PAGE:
Saint of the day: The Servant of God Virginia Blanco Tardio was the second of four daughters of Louis Pius White Unzueta and Daria Late Quiroga. She was born in Cochabamba, Bolivia on April 18, 1916 and earned the Bachelor of Humanities at the College of the Handmaids of the Sacred Heart of Jesus. She had a general knowledge far superior to most of her contemporaries and had extensive biblical and theological knowledge. Blanco_VShe received the title of Professor of Religion School when I was 32. From the time when she was young, Virginia was an exemplary catechist teaching children, youth, and adults in Spanish and Quechua to receive the sacraments. She was beloved by her students to whom she taught religion in several public schools in Cochabamba for 40 years; she worked more than 10 of those years without receiving a salary. Virginia was a member of Catholic Action, and for many years, she served as the president of the Diocesan Women’s Association of Catholic Action. During the 1950s, she served the welfare of indigent people, even opening her house to support their needs. In 1962, she founded the Prayer and Friendship Group. She continued her service of the poor throughout her life, dying of a heart attack on the night of July 23, 1990 at age 74. The investigation of her virtues is drawing to a close, and there is a strong likelihood she will be named a venerable in the near future.

Spiritual reading: Finally I am coming to the conclusion that my highest ambition is to be what I already am. That I will never fulfill my obligation to surpass myself unless I first accept myself, and if I accept myself fully in the right way, I will already have surpassed myself. (Thomas Merton)

Homily July 27, 2014 17th Sunday of Ordinary Time

17 sun 1One thing ingrained in all of us is that we want the best that we can have for ourselves. We all work hard and do our best to achieve a comfortable life and the same for our family. The parables today liken the kingdom of heaven to a treasure or an expensive pearl that prompts us to sell all that we have and use that to get the treasure or pearl and a better life. It is not hard to imagine a person so dedicated to a thing or a cause that his life is centered on one thing or goal. We see it around us in our daily life, in some athletes and business people driven by the lure of wealth and advancement and power. But really implanted in all of us is a desire for a goal in life, to make a difference and means to carry it out. As we grow we realize that one choice pretty much shapes future choices. So it is in our spiritual life. The treasure of God’s love might seem ethereal or out there, but it is real and is a call, a goal to seek. Throughout history, we might be surprised and even marvel at the dedication that that love brought about in different individuals. To see people who have dedicated their whole life to serve God by giving of themselves to others is always an inspiring thing. Some can do this and still support and lead a family life, while other choose to serve in a religious life. The point is really the selflessness they show in how they go about getting the treasure or pearl they see.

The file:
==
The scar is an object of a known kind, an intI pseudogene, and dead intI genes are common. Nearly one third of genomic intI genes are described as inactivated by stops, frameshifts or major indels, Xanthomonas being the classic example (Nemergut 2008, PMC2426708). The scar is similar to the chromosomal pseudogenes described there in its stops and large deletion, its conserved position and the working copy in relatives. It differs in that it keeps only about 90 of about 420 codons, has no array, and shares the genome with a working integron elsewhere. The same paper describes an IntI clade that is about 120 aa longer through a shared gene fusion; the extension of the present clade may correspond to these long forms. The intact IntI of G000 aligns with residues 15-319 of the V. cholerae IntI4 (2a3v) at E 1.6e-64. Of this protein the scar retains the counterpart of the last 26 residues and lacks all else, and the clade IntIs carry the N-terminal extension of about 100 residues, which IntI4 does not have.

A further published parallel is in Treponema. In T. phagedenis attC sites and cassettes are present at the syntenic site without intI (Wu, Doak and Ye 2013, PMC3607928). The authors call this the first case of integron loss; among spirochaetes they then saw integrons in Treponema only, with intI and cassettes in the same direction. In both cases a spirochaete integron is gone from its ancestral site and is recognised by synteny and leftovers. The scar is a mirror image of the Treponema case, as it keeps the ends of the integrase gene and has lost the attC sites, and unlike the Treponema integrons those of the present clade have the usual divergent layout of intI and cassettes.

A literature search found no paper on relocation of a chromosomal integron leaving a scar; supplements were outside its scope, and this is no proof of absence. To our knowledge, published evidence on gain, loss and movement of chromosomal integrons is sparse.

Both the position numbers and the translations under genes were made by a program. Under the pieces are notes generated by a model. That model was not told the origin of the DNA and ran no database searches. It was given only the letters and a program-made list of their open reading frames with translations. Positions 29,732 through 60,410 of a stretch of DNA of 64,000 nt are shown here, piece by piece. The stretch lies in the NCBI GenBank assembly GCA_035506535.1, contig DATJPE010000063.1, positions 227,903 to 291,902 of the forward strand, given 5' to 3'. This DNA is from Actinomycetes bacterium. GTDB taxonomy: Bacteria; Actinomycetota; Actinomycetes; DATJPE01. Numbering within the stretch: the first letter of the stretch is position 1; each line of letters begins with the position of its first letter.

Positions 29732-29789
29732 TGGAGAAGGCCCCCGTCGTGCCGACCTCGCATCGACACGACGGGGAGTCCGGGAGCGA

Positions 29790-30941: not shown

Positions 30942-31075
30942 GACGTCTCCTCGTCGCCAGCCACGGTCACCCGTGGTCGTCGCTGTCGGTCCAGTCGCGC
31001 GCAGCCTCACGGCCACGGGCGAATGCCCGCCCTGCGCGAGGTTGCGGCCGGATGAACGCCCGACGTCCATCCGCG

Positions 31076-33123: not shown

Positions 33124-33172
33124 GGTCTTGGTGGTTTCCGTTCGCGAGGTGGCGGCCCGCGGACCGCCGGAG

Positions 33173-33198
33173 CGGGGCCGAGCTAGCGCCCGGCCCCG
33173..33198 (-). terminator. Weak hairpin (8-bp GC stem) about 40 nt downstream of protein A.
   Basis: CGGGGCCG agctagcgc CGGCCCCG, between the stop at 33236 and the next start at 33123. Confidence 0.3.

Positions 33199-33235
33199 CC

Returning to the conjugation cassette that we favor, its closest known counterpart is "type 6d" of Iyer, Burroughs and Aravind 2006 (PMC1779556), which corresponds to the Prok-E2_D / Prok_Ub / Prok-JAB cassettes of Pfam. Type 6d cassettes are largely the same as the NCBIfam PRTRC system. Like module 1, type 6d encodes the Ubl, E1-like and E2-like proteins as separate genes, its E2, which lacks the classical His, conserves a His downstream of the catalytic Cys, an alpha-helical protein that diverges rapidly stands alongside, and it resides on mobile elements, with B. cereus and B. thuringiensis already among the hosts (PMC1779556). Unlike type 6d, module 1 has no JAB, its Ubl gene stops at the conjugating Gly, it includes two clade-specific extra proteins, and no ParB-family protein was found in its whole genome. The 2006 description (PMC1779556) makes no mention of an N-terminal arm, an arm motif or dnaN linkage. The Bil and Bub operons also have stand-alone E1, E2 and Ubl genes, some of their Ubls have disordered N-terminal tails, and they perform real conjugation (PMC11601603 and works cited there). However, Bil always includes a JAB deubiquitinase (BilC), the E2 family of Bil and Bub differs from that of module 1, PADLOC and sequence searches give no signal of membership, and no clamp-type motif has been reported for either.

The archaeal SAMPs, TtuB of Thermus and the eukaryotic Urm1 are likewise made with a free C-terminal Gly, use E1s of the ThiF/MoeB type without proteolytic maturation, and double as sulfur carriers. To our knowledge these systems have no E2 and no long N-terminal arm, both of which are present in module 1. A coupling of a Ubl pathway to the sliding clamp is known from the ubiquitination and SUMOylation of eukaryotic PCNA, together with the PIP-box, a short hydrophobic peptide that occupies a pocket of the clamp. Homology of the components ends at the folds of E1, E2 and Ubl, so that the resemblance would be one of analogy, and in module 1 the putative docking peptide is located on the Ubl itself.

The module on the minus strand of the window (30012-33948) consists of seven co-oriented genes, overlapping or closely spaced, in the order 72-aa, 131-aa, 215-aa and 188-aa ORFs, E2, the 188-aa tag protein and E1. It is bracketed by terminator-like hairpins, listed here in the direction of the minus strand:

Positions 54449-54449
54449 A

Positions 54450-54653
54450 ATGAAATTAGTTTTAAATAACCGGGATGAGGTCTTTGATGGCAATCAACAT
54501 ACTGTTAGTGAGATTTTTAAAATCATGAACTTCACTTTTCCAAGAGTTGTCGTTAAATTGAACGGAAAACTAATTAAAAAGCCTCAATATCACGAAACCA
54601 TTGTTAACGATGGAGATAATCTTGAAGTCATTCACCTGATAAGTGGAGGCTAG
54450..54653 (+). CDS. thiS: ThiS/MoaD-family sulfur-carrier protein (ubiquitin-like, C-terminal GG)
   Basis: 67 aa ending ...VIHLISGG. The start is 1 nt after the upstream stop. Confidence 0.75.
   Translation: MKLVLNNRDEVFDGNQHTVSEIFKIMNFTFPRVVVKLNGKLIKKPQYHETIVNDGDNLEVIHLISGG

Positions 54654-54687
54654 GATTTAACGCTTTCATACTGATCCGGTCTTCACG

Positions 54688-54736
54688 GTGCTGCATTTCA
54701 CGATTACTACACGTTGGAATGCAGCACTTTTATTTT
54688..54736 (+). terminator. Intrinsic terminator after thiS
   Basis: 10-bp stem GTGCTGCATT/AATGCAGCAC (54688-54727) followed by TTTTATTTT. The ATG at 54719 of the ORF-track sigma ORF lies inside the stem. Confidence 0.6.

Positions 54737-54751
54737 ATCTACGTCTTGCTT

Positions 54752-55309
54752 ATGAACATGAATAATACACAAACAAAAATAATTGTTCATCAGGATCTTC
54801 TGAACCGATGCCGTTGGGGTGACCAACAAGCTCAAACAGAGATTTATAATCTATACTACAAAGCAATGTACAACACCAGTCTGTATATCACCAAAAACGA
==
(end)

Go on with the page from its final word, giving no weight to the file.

It is interesting, that Christ never mentions or goes into the ethics of hiding the treasure and 17 sunbuying the land and the ownership of the treasure belonging to the finder or the land owner. His concern was the value of the treasure, the kingdom of heaven. Its magnitude and importance pushed aside other considerations and truly one seeking the treasure of the kingdom would not be one to selfishly keep the news of the kingdom for himself. All who are called learn to embrace others. Their wealth, their treasure, their love becomes present for all. Giving up everything and selling it all to get the treasure, is more than hitting the lottery, rather it is the beginning of a foundation for life. God’s love is a starting point and a compass on a journey that twists and turns and has peaks and valleys along the way. As long as our eye is on that treasure, God’s love will lead us there.